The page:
The Editor Pontificates: He Said, She Said

Punctuating dialogue seems to be a bête noire for a lot of fiction writers. Never mind what word you should use for describing your character’s utterance – he said, she yelled, it whispered, I answered – the real question seems to be, do you capitalise it or not? Which punctuation mark goes on the end of the sentence, inside the quotation marks, and what goes outside?

It’s not really that hard. Dialogue in fiction, I told the Offspring when we were homeschooling, is like speech bubbles in comic strips (I made them transcribe lots of Garfield comics to practise, poor things). The quotation marks are the speech bubble (somebody is saying something); the text is what goes inside the bubble (here’s what they’re saying); and the little pointy tail on the bubble is the speech tag (this is who is talking).

So if you picture your scene as a comic strip (or call it “graphic novel”, if that makes you feel more grown-up), all you need to do is put those speech bubbles in place and write down what you see.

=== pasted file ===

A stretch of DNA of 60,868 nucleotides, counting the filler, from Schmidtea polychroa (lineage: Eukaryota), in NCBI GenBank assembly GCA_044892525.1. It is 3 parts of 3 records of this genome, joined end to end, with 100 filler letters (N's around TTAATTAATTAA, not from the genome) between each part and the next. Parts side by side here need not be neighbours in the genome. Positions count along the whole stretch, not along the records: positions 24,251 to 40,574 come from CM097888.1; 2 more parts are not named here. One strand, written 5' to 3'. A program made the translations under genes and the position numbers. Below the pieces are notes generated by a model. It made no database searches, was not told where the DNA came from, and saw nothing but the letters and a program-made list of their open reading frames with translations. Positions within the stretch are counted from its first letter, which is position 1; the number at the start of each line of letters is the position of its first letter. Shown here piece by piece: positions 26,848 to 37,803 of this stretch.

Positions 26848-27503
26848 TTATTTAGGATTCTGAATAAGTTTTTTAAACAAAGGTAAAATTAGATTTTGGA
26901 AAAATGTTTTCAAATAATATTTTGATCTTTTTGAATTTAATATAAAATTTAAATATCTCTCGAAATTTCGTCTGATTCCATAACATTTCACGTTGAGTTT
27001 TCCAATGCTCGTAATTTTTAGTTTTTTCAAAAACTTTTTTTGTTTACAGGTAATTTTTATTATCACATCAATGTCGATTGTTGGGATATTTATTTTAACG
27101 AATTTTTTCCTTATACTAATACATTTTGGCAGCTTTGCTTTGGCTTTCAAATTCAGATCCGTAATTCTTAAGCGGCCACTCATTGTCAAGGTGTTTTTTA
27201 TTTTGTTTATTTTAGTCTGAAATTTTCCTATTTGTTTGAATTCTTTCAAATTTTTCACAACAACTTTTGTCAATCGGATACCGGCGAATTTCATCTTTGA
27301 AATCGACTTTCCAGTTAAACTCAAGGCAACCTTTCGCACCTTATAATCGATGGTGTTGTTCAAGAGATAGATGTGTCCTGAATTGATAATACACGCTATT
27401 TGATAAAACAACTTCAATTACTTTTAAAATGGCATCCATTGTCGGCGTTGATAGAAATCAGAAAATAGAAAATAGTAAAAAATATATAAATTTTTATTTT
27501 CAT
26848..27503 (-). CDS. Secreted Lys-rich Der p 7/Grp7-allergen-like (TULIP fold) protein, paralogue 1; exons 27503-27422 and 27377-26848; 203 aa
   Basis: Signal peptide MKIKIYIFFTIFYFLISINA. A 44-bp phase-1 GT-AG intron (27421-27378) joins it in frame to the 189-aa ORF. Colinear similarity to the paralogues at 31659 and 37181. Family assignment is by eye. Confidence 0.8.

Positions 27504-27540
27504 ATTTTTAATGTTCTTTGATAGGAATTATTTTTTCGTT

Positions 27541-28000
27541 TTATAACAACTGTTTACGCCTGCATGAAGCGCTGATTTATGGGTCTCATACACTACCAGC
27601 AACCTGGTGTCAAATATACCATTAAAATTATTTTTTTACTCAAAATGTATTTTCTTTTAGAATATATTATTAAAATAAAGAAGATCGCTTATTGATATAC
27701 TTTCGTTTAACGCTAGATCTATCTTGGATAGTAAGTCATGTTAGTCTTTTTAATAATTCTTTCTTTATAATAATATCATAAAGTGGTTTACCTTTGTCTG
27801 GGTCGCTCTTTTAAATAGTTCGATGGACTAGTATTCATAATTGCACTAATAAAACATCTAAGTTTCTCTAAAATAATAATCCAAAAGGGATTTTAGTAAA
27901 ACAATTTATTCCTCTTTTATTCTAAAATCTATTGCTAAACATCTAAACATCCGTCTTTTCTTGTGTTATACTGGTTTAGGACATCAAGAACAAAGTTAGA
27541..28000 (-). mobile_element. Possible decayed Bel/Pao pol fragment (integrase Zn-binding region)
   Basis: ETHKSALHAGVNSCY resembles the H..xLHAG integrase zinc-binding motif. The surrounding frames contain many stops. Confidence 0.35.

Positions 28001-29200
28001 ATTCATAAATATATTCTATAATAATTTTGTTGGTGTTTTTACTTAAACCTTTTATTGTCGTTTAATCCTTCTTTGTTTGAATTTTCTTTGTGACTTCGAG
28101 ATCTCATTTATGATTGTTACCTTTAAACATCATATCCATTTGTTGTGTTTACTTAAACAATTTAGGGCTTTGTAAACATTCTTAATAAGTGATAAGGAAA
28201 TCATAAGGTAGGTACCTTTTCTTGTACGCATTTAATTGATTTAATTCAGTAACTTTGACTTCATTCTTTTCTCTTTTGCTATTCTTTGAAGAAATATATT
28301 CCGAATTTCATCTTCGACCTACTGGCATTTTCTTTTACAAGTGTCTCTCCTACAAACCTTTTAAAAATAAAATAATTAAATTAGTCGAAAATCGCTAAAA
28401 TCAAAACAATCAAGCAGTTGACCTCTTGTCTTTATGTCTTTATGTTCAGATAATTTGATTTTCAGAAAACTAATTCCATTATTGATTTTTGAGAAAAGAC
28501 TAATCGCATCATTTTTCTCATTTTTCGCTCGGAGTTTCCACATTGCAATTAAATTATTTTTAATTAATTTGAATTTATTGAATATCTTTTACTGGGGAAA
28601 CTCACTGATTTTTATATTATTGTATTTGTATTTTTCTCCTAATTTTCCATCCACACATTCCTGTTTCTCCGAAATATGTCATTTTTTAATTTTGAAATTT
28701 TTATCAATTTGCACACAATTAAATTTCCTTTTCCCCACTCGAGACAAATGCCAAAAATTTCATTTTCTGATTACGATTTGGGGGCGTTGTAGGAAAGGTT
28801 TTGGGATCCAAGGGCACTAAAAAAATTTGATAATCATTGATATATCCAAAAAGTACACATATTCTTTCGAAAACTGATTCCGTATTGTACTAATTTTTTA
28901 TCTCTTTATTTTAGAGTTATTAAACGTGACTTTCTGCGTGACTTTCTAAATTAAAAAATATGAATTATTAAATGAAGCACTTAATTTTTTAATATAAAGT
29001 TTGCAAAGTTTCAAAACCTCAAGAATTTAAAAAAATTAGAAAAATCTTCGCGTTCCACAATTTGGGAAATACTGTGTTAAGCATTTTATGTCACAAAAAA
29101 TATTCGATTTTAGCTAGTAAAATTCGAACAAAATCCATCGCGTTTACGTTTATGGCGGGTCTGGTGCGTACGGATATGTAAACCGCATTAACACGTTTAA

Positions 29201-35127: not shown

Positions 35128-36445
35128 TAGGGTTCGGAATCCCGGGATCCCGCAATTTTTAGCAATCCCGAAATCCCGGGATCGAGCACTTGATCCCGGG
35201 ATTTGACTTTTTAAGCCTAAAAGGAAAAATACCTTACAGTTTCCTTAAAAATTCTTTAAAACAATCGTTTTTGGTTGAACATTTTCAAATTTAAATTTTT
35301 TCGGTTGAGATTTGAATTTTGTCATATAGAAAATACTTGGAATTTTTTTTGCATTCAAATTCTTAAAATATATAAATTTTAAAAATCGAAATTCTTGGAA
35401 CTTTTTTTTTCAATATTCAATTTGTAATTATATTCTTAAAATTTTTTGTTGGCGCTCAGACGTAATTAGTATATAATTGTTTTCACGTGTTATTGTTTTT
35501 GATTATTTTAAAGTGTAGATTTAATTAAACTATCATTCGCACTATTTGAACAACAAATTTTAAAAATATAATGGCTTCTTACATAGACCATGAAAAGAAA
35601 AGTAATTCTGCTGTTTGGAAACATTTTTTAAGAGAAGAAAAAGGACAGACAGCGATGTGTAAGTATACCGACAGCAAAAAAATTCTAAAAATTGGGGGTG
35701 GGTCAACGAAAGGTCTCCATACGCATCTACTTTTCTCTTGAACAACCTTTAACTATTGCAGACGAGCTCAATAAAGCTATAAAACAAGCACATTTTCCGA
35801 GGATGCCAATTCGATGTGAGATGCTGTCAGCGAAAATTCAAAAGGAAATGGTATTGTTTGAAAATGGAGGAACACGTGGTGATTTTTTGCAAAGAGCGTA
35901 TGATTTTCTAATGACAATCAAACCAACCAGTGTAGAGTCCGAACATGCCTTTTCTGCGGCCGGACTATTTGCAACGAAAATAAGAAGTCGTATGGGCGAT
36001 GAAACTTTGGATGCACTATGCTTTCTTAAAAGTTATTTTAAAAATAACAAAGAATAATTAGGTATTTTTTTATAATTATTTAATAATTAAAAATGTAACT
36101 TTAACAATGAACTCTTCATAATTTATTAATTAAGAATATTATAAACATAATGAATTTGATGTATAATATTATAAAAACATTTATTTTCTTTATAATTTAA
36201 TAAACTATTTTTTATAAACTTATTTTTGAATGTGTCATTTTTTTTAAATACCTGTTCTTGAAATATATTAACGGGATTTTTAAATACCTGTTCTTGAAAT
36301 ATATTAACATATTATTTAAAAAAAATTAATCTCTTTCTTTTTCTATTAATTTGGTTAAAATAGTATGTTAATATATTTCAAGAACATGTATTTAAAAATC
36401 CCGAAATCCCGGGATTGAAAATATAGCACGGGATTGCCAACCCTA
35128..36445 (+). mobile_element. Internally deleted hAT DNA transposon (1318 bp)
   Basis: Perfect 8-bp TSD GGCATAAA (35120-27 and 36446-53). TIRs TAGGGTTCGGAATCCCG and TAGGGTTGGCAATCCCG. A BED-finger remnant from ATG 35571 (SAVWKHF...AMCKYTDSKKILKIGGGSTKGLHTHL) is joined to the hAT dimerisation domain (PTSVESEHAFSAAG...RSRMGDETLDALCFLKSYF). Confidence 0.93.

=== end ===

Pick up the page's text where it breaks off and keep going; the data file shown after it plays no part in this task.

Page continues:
The thing to keep in mind is that the speech bubble, pointy tail and all, is one unit. What that means is that speech and speech tag are one sentence, and you punctuate them accordingly: the speech tag is in lower case, because it’s the middle of the sentence. It’s easy to figure out: “he said” can’t be a sentence in its own right, ever – so you don’t capitalise it when it comes after a speech.

So here’s an example:

Steve comic 1

“Shall I compare thee to a summer’s day?” said Steve the Bear.